Australia History

Australia History

The islands in the South Hemisphere in the Pacific Ocean are called Oceania. They are grouped into four regions: Micronesia, Melanesia and Polynesia, and Australia and New Zealand, which differ from the rest in that the majority of its population are migrants from Europe over the last two hundred years, although the two islands are also home to their original inhabitants.

Australia is both the oldest and smallest continent in the world and an independent federation living in agriculture, sheep farming, abundant mineral resources and tourism. Most of Australia is the arid or semi-arid Midlands and almost a third of the desert.

In the east, the world’s largest reef and Cairns and Brisbane area, in the north around Darwin, and also on the island of Tasmania in the south, there is tropical greenery. The isolation of the continent has given birth to a unique indigenous flora and fauna. Eucalyptus trees have persisted in the plant family for millions of years and have spread to other continents as well.

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Australian marsupials – including kangaroos, koalas, vompats and waterfowl – have adapted well to their demanding habitat. There are also many rare species in the bird, such as emus, cassowaries, cocoons, capercaillies and terns.

The Uluru sandstone monolith and its surroundings have been part of the sacred region of Australia’s aboriginal, Aboriginal, and their “dream time,” or worldview map, for at least 60,000 years. Today, just under one percent of the more than 20 million Australians belong to Aboriginal people. The next settlers of the island nation came from Europe two hundred years ago, first as prisoners deported from Britain and later as part of a global migration that still tempts today to transform the “Aussies” into a prosperous and functioning country and an uncomplicated way of life.

The major metropolises of Australia, with the exception of the capital Canberra, are on the coast. Born at the mouth of the Natural Harbor, Sydney with its opera houses is one of the most beautiful city views in the world. With its skyscrapers and wide boulevards in Melbourne, travelers are intrigued by the diverse cultural offerings, good restaurants, Australian wines and the famous Great Ocean Road view route.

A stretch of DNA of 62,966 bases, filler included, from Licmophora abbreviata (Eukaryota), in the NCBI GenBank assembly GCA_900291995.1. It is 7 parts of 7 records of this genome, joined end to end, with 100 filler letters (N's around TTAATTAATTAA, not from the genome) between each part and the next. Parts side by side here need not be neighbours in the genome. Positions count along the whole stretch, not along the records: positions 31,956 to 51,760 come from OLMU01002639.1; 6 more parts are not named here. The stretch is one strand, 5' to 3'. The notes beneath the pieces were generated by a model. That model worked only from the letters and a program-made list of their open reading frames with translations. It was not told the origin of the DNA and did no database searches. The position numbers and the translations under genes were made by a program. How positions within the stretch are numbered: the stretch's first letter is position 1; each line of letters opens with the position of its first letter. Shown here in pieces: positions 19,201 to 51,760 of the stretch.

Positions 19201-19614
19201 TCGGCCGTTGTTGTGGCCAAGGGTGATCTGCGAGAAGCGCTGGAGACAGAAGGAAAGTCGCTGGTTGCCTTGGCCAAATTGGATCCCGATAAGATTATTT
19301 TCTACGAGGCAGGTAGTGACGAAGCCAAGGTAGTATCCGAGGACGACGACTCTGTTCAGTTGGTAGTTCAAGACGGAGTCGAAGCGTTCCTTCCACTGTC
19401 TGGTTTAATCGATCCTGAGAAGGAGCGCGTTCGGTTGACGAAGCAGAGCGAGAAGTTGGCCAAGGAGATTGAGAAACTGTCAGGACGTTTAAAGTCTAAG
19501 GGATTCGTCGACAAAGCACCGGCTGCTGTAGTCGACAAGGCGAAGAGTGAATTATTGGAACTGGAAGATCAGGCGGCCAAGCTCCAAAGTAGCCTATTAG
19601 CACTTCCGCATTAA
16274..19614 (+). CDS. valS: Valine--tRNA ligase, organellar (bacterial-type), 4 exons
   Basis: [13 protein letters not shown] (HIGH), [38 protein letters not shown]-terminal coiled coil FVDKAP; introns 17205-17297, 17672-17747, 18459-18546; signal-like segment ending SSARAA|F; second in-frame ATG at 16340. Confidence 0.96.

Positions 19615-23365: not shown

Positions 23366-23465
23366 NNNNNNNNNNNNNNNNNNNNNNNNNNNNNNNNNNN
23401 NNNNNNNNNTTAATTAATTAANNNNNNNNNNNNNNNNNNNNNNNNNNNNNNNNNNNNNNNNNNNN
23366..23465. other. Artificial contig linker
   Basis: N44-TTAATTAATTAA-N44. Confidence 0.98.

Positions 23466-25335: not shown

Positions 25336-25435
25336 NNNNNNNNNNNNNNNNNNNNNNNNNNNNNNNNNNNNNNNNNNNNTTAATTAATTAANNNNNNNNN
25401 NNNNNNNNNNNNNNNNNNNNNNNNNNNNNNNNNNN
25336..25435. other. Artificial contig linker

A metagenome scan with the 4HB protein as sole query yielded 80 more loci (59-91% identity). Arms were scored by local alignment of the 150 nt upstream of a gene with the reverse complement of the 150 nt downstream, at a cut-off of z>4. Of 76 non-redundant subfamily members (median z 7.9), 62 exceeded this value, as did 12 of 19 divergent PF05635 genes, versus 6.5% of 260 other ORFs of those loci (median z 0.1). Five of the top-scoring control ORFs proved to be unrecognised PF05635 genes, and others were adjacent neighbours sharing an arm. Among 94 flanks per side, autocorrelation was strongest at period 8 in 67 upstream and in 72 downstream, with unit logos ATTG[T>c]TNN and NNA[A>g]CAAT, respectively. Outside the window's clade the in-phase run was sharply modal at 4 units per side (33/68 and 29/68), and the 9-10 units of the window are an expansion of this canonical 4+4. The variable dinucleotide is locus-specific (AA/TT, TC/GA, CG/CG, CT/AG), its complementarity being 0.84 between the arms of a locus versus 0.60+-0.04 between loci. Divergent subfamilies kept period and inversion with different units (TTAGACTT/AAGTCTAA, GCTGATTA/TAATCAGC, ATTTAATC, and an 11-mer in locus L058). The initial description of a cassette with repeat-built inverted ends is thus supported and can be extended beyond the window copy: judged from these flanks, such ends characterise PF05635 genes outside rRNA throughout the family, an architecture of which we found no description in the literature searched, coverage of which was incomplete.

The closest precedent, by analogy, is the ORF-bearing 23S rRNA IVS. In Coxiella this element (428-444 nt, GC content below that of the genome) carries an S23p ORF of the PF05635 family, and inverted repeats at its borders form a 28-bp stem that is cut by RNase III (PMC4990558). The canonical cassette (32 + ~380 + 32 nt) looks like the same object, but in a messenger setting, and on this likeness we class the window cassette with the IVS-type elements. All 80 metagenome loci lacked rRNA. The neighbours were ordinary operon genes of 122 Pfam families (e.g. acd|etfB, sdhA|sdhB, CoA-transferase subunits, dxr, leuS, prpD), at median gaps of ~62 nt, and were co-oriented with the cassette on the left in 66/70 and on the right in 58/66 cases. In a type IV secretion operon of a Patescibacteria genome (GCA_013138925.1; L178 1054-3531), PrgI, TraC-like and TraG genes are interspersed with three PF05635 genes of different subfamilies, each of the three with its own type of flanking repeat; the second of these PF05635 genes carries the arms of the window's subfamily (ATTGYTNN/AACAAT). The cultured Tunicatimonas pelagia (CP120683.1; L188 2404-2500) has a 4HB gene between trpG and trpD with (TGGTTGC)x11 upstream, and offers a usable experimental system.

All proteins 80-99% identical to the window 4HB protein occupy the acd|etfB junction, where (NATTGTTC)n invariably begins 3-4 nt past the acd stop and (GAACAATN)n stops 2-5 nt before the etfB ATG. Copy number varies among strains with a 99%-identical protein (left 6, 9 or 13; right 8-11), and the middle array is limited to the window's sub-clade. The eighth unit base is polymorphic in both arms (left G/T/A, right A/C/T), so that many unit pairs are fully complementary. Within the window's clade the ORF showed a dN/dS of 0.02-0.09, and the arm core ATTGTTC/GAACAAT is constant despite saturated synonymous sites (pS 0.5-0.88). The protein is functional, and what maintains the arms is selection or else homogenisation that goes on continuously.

The old villages and small colonial towns of Tasmania, the rolling countryside with its clear lakes and diabase mountains, and the vibrant maritime lifestyle of the capital Hobart have attracted a large number of travelers to the island. Tasmania is also on the agenda of many Pacific cruise shipowners.

Early period until the 19th century

The first people to come to the Australian continent were the Aborigines, who lived here at least 50,000 years ago. At the beginning of the 17th century, European seafarers set foot on Australian soil, the first being Willem Jansz in 1606. Tasmania was discovered by Abel Tasman in 1642. James Cook first came to the east coast of the continent in 1770 and took possession of it for the British crown. Inspired by the sight of the mountains and the green forests and meadows, he called the country “New South Wales”. After England lost its colonies there due to the defeat in the American War of Independence, Australia became a new target for the convict ships on which criminals were deported. The penal colony of Sydney was founded in 1788. The banishment of criminals from England to Australia did not end until 1868.

In 1850 the white population was estimated at around 400,000. Around 30 years later, attracted by large gold discoveries, there were already over 2.3 million in New South Wales and Victoria. Australian Aborigines have been pushed back from their ancestral territories.